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Plan for Travel Hoping for Fun While Being Ready for Anything

Many of the standard guidelines are turned on their heads when health conditions can quickly change from place to place, putting finances at greater risk.


James L Katzaman

7 months ago | 5 min read

Navigating in tough times takes good skills to spread happiness

Photo by Glenn Carstens-Peters on Unsplash

Traveling during — and eventually after — a pandemic, many of the old guidelines are out the window.

Book early for bargain fares? Sure, but be prepared in case conditions change, and flights are canceled.

Going to a family get together? Maybe loved ones are not ready for visitors.

Beverly Harzog, credit card expert and consumer finance analyst for U.S. News, and financial experts at consumer credit reporting company Experian talked about planning for travel amid so much uncertainty.

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An environment in flux challenges advice to book travel far in advance to get the best prices. Making reservations closer to travel is less of a risk against unexpected closings. The tradeoff is that bargains might be fewer.

Yet, Harzog favors making arrangements “as early as possible. Get to the airport early, too.”

Experian reiterated that most experts recommend booking flights 60 to 90 days in advance. However, those holding off due to concerns about the pandemic or protocols ought to try to finalize their decision as soon as possible.

To protect travel purchases in case you have to make changes, look into the possibility of travel insurance. Be sure to read the fine print because cancellations might not automatically be reimbursed and replaced instead by alternate reservations — not to mention added fees.

“Take advantage of credit card benefits,” Harzog said. “Book your travel with a credit card that offers insurance against delays and such. An added bonus is earning rewards to use for travel later or as a statement credit to offset purchases.”

Beware of Non-Refundables

When making travel purchases, Experian stressed that it’s important to know all the terms. Try to avoid non-refundable travel purchases. Research travel insurance options.

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Check out the websites of the travel companies to find the best prices. That could save the added expense of fees tacked on by a middle man.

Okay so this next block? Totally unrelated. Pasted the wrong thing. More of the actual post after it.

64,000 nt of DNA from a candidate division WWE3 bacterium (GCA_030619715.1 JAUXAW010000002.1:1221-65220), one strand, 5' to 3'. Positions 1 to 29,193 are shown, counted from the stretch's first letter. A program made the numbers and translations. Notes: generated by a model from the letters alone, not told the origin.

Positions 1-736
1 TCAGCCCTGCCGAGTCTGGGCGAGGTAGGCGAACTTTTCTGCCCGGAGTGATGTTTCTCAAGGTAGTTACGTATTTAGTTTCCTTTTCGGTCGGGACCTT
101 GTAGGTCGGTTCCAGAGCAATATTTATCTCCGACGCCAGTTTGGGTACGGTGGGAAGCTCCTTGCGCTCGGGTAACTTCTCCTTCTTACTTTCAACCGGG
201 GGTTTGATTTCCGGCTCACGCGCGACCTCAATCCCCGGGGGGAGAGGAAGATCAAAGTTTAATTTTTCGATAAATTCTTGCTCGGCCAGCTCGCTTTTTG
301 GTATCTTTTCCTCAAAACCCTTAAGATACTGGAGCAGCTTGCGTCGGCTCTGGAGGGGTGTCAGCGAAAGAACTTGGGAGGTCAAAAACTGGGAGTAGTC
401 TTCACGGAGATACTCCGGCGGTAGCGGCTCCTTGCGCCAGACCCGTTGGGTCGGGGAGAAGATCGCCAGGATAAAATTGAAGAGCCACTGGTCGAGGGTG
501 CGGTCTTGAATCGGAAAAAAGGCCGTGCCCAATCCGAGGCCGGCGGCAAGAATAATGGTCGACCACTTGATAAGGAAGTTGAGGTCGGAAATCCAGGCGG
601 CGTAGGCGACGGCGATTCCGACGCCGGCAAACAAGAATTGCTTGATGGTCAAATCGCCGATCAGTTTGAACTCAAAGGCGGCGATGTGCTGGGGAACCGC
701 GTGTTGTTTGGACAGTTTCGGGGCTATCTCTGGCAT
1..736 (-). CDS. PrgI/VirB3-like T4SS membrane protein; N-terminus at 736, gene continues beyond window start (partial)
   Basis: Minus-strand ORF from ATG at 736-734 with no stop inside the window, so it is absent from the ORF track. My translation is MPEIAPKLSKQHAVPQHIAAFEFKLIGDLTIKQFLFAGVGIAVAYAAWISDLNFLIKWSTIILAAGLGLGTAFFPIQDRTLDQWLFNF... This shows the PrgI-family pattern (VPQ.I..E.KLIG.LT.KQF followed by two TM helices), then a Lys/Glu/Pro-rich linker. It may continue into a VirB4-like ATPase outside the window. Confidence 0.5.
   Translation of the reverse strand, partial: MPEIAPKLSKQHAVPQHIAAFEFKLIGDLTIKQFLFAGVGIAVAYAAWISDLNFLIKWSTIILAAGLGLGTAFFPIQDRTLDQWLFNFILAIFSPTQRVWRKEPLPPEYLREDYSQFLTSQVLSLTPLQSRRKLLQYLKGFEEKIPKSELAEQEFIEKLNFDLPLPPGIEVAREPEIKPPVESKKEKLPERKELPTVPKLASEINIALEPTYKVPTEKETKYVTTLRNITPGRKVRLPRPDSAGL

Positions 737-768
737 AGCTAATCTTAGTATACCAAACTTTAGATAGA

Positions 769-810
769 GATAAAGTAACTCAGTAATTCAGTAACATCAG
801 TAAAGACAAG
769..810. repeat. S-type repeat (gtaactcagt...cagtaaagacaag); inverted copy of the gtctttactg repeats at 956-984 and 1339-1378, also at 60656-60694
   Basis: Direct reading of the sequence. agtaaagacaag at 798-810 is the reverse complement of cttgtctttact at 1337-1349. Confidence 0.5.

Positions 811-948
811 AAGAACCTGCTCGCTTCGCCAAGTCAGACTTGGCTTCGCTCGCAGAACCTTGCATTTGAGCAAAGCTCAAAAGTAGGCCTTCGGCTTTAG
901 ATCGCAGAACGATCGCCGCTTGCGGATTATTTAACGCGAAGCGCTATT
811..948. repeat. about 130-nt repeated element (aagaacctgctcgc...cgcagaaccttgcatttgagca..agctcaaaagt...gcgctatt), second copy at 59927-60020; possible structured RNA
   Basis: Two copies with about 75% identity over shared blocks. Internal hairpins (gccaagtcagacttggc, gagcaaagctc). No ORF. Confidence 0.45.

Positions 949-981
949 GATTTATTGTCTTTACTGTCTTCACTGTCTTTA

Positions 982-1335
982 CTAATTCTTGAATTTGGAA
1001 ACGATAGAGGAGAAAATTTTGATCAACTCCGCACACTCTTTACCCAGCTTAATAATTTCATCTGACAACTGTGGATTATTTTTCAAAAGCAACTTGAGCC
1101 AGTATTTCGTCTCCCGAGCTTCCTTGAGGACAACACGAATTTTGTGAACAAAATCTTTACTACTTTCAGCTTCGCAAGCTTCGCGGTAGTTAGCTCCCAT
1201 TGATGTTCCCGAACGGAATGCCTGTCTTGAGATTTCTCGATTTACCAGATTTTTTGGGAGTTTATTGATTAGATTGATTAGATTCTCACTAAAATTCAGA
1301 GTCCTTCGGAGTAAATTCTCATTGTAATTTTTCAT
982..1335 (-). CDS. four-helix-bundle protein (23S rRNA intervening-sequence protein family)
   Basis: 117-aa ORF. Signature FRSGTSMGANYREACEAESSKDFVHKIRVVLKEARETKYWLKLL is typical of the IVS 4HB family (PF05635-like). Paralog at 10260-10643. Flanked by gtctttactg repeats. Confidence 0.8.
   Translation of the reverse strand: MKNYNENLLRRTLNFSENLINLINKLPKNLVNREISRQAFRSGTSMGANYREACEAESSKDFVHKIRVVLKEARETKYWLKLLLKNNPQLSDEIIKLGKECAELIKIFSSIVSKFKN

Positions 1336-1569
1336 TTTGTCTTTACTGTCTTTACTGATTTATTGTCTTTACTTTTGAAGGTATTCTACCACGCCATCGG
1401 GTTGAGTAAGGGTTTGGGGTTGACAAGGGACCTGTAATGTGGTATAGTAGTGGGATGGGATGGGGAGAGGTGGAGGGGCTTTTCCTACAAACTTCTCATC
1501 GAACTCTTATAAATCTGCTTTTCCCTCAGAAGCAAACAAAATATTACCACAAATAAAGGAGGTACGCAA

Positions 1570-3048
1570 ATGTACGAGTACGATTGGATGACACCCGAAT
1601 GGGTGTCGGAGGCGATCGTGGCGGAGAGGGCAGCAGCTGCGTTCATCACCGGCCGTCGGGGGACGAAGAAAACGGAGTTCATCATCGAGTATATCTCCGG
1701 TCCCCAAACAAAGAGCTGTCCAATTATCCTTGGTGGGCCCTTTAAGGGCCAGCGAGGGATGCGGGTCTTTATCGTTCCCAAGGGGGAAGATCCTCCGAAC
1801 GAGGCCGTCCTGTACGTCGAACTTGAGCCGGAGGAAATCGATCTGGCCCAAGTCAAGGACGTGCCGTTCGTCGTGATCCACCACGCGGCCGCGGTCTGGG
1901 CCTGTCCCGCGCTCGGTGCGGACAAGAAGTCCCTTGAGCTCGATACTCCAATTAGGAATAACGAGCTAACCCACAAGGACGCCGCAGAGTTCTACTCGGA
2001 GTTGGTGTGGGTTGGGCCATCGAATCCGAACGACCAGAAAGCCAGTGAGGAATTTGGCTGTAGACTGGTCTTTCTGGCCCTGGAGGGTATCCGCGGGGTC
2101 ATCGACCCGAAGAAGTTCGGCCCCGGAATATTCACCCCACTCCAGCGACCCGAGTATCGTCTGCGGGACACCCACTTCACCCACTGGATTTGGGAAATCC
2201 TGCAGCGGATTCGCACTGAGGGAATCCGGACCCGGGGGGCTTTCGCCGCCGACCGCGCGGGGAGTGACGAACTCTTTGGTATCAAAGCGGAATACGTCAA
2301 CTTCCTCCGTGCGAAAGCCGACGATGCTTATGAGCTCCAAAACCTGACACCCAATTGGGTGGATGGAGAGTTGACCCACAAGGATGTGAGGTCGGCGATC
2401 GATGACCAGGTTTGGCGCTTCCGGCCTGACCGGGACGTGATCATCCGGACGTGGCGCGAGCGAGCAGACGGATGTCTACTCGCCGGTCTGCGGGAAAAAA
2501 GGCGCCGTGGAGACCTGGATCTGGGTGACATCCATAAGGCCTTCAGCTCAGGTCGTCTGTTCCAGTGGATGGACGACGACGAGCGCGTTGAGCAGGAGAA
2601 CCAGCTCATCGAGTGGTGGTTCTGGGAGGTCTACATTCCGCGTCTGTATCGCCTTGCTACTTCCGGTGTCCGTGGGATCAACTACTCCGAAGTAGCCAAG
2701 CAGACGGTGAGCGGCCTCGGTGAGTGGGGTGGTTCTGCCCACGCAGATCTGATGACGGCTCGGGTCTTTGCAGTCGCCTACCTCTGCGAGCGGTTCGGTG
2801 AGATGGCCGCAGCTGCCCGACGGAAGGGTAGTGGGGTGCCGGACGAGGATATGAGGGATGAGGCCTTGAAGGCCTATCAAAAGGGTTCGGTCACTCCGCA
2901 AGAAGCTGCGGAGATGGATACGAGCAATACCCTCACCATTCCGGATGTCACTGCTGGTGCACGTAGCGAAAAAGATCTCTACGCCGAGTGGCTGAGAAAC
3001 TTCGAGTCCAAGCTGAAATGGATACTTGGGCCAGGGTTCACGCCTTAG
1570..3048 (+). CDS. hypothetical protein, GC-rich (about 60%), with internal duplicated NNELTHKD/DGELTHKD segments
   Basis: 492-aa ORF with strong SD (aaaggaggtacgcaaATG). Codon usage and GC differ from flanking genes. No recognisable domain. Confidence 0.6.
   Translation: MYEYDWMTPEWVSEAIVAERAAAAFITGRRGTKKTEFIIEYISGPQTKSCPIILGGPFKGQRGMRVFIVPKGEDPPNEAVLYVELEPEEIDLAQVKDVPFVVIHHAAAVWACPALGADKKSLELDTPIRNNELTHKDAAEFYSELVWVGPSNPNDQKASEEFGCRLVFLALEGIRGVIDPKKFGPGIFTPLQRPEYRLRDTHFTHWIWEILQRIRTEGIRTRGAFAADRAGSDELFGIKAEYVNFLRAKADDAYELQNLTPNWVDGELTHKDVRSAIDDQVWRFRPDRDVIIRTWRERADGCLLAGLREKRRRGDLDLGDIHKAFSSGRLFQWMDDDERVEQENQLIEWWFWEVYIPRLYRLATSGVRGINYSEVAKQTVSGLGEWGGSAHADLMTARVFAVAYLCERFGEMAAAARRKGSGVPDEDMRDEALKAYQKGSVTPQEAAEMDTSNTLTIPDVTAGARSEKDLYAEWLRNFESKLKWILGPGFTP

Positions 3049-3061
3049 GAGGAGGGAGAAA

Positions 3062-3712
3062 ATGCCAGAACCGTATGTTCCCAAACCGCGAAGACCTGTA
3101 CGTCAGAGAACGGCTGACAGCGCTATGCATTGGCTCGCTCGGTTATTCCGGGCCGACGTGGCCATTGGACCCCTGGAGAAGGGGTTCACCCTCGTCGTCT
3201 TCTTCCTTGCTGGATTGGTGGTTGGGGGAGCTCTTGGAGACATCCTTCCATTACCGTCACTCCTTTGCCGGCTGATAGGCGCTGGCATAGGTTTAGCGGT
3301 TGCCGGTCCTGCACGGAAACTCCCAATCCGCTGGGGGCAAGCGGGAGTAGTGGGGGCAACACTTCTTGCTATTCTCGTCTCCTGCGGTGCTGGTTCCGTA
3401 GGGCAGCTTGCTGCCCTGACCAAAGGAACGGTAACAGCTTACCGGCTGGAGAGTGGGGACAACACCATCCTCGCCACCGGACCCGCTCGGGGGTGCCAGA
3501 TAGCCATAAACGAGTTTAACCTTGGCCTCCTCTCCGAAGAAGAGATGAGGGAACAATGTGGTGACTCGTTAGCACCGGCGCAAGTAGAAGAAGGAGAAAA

“Do research to compare prices,” Harzog said. “There’s a multitude of websites to help you, including Expedia and Travelocity. It’s hard to get deals at a late date, but not impossible.”

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Thrifty Traveler notes that when booking last-minute travel, every day counts. The sooner you can book your travel the better. You may need to be open to the airport you fly through. You may need to lean on rewards points.

Before committing to travel, check into long-range weather forecasts and seasonal trends. That should give you a clue about what kind of gear and clothing to take along. Above all, factor in extra costs to make sure this is an excursion you can afford.

“Be sure you include the travel expenses in your budget,” Harzog said. “If you travel, there are many expenses such as dining out, lodging and so on.”

Experian recommends researching pandemic protocols — such as vaccination and testing requirements — for the destinations you are flying to. Consider your flexibility in the event of flight cancellations, along with your comfort level with the safety protocols.

Cash On Standby

Travel insurance can help offset costs of canceled or changed reservations. Be sure you have ready access to your emergency fund in case you have an accident or breakdown. If driving, try to plan trips around urban centers outside of rush hours.

A Washington Post article has tips for navigating busy travel times.

Experian has more travel suggestions:

  • Stay informed as you prepare to travel and throughout your vacation.
  • Research the terms for your travel ahead of time.
  • Be aware of rental scams.
  • Always have your valid IDs and updated insurance cards.
  • Research all modes of transportation for your destination.